You're at a crossroads, a transition in life. Finished college, living on your own but in temporary digs, growing apart from old friends, unsure where you're going to be a year from now, rootless. This time period in life is like puberty --- people go through it at different speeds and with differing amounts of grace, and there's a lot of drama that goes along with the changes. Your priorities are changing (you want to live in a nicer, cleaner environment than your roommates do), and your absolute closest friends may end up as no more than facebook contacts over time.

It happens to everyone [generalization] but for what it's worth, it's temporary. You're going to end up in an academic program that suits you, and in a series of jobs that suit you as well. So relax as best you can, knowing that the future brings with it more tethers and increased responsibility, and you have more freedom right now than you probably will again.
posted by headnsouth at 7:40 PM on July 6, 2009 [2 favorites]

All of the above comments offer something useful. I'd add that spending some time practicing mindfulness awareness meditation was helpful for me, along with books and talks by the likes of Alan Watts. Also The Four Agreements.
posted by dirm at 8:30 PM on July 6, 2009

This book helped me a lot when I went through a period where my boyfriend dumped me, I was partially estranged from my family and my roommate/best friend kicked me out of our apartment. The ideas of mindfulness and learning to accept bad times and feelings as well as good ones really made a big difference.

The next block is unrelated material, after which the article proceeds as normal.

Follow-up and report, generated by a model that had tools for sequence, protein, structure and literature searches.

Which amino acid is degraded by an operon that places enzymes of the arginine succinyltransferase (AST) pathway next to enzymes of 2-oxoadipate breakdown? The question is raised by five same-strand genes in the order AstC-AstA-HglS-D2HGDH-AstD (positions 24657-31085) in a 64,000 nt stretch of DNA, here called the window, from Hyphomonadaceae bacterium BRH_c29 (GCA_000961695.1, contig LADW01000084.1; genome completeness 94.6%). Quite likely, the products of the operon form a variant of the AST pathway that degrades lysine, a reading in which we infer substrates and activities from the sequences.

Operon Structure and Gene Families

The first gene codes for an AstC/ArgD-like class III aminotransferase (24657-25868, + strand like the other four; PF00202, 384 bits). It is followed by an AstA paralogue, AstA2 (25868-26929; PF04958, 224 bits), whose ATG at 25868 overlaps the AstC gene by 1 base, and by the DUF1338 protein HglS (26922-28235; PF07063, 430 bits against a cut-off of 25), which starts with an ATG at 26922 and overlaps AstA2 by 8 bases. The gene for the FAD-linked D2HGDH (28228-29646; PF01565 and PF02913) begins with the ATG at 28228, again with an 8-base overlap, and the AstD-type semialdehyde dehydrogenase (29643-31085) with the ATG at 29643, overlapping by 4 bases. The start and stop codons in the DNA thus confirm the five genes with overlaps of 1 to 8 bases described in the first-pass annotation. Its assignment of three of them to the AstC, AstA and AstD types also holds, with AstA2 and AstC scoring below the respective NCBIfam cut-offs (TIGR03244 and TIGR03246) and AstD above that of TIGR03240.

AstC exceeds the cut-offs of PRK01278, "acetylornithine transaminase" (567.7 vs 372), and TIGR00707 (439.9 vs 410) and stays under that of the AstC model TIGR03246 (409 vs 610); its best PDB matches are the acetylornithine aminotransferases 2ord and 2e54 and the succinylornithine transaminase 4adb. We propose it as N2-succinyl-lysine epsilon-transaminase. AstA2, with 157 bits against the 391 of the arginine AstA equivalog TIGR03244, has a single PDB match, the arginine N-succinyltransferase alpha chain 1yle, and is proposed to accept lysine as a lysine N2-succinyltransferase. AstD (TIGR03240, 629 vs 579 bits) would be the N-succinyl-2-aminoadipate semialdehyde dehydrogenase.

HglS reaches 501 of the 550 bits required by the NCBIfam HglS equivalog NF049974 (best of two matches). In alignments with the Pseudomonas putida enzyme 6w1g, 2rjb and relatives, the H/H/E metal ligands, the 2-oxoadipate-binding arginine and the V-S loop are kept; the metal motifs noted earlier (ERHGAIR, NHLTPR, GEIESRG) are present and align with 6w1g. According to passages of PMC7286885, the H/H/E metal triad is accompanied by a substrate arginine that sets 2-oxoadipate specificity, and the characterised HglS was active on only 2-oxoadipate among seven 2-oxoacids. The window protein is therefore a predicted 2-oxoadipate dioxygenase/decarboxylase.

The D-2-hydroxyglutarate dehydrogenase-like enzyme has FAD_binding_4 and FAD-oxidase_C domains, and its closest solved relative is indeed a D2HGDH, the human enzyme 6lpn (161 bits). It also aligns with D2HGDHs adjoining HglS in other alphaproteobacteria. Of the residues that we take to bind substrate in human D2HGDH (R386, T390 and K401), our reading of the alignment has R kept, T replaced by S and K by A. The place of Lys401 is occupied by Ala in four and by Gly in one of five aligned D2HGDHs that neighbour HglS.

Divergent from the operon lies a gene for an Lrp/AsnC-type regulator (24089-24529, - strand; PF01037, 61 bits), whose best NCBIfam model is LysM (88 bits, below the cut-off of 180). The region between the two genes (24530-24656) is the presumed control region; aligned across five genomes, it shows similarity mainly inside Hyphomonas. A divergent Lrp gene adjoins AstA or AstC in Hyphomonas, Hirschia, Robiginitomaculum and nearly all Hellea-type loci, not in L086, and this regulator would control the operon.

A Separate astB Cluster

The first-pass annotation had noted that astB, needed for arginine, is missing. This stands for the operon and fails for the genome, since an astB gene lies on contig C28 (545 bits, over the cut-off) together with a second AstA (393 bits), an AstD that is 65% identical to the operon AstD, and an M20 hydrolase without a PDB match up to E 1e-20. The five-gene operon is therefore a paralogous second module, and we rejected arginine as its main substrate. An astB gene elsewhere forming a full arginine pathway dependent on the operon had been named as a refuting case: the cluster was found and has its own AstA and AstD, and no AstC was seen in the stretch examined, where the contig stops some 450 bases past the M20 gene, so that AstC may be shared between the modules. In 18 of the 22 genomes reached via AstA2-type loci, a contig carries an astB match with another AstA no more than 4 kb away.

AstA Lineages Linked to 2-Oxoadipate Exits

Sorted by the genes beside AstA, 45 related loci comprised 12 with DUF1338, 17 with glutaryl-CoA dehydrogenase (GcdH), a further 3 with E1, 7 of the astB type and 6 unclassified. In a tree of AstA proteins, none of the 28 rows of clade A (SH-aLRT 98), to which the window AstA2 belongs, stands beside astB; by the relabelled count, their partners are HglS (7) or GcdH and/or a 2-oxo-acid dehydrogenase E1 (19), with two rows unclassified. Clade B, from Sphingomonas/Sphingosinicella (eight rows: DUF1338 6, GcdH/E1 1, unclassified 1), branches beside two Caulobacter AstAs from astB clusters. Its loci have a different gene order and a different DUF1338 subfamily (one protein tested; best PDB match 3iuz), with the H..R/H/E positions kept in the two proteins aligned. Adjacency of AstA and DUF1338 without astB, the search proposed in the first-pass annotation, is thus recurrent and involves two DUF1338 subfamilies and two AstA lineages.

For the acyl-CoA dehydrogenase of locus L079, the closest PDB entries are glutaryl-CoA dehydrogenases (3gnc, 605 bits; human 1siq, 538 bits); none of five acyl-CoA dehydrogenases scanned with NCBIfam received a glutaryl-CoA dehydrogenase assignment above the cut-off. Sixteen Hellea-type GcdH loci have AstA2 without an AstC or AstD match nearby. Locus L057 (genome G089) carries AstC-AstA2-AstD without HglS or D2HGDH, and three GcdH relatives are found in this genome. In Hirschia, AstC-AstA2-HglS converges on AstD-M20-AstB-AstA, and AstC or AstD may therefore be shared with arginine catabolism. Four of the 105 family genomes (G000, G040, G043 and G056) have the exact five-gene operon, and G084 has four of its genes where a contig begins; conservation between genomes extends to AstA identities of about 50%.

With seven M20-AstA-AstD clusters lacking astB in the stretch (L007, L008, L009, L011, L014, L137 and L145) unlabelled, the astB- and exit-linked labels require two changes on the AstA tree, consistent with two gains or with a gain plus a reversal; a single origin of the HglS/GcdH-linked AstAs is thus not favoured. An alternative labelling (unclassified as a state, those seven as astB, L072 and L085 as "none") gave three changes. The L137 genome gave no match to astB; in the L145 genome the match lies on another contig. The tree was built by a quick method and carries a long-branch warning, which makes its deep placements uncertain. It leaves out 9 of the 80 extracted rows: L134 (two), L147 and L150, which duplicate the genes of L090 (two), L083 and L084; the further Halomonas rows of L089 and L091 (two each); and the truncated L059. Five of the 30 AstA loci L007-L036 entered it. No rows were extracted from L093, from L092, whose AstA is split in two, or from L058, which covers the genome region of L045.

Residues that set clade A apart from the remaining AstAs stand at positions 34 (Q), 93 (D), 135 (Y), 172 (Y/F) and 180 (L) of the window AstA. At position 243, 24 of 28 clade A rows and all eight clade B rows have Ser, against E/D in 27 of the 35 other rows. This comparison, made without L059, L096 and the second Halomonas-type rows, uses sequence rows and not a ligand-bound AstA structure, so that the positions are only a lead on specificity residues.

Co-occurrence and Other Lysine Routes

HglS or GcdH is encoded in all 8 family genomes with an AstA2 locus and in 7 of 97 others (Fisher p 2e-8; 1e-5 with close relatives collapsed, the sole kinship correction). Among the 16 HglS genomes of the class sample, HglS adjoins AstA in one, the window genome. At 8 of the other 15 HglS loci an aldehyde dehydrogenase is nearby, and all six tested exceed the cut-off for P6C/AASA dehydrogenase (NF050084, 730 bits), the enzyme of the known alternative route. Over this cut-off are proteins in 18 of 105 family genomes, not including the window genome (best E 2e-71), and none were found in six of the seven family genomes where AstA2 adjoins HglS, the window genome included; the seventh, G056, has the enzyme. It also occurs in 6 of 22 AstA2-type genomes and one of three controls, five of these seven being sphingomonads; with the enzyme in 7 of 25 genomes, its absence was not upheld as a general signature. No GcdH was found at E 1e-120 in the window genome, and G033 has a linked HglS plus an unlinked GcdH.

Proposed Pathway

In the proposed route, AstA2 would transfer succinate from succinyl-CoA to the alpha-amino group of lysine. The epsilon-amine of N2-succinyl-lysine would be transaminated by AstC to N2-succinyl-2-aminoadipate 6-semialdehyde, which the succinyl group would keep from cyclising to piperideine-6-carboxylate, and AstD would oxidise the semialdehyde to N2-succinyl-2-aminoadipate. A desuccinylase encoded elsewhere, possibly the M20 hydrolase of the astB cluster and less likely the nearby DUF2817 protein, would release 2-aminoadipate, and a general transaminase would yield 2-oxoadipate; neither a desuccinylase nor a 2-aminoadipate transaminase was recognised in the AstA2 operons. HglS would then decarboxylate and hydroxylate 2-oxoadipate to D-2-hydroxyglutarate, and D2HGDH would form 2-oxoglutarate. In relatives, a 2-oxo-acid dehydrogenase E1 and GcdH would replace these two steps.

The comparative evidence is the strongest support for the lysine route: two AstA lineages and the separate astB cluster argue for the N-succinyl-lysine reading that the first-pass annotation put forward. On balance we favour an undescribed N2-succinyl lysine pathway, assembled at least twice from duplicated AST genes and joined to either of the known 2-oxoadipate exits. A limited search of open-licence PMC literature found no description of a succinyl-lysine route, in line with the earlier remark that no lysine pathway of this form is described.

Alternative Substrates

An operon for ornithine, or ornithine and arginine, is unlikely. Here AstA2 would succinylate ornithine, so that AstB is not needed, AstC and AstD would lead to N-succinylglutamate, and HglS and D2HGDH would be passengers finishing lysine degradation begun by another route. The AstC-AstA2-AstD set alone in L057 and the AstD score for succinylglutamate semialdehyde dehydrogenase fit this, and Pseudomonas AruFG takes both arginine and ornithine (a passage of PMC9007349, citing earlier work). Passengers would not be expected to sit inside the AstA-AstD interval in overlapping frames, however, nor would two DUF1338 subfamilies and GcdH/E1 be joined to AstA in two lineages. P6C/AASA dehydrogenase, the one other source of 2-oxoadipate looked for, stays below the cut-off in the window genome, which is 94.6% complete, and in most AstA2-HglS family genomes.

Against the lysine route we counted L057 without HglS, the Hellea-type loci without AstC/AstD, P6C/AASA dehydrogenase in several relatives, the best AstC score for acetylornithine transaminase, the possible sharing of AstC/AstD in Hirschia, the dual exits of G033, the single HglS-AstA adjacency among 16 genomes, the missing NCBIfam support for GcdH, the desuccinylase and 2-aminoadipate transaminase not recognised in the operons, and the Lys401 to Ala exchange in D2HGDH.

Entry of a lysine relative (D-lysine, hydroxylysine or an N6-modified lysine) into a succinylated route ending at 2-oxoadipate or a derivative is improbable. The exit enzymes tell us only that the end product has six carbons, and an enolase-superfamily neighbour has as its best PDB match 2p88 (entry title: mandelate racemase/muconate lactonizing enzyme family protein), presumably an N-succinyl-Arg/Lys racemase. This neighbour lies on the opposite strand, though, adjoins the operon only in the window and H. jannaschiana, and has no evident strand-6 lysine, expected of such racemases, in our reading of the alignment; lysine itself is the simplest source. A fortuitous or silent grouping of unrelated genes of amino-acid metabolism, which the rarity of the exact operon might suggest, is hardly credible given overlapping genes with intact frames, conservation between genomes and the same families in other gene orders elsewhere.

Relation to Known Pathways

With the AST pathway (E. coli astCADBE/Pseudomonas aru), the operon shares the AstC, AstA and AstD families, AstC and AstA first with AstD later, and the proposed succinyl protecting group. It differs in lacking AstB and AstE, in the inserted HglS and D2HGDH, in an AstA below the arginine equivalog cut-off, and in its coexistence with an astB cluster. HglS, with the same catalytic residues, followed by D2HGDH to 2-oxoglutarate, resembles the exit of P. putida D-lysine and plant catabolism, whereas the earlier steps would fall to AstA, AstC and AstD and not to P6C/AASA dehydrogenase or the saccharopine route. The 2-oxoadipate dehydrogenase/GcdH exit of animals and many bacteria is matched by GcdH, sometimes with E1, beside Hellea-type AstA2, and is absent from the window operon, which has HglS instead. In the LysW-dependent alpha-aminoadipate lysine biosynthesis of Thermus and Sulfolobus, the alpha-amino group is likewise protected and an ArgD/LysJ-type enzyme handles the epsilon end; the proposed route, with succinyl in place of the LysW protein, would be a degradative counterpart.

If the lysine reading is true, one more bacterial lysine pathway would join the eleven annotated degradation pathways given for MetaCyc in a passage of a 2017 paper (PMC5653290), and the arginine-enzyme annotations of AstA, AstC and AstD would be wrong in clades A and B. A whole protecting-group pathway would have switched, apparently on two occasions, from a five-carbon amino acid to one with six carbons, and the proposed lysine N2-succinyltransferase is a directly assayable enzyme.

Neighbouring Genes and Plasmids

I find routines very helpful during rough times, as well, especially routines that make me happy, like curling up with a cup of tea and a good book or sitting in a park or whatever.
posted by peanut_mcgillicuty at 6:56 AM on July 7, 2009 [1 favorite]

You're multitasking. Unitask. Look at one problem, relatively ignore the other ones (not only ignore it from a 'to-do' perspective but ignore it in terms of 'don't get upset'), and fix it or improve it to the best of your ability. Then, go to the next one. Half the reason why (to me it appears) you're getting upset is because you're looking at all of your problems as "my screwed-up life at the moment" and being overwhelmed. Split things up into manageable chunks. If you're not sure how to approach doing that, go to your local public library and borrow Getting Things Done, by David Allen.
posted by WCityMike at 7:04 AM on July 7, 2009

Take some time off and go camping or to a cottage for at least 3 days. If you don't have gear, rent it from an outfitter. Getting away from things puts them back into perspective I find.
posted by hungrysquirrels at 10:42 AM on July 7, 2009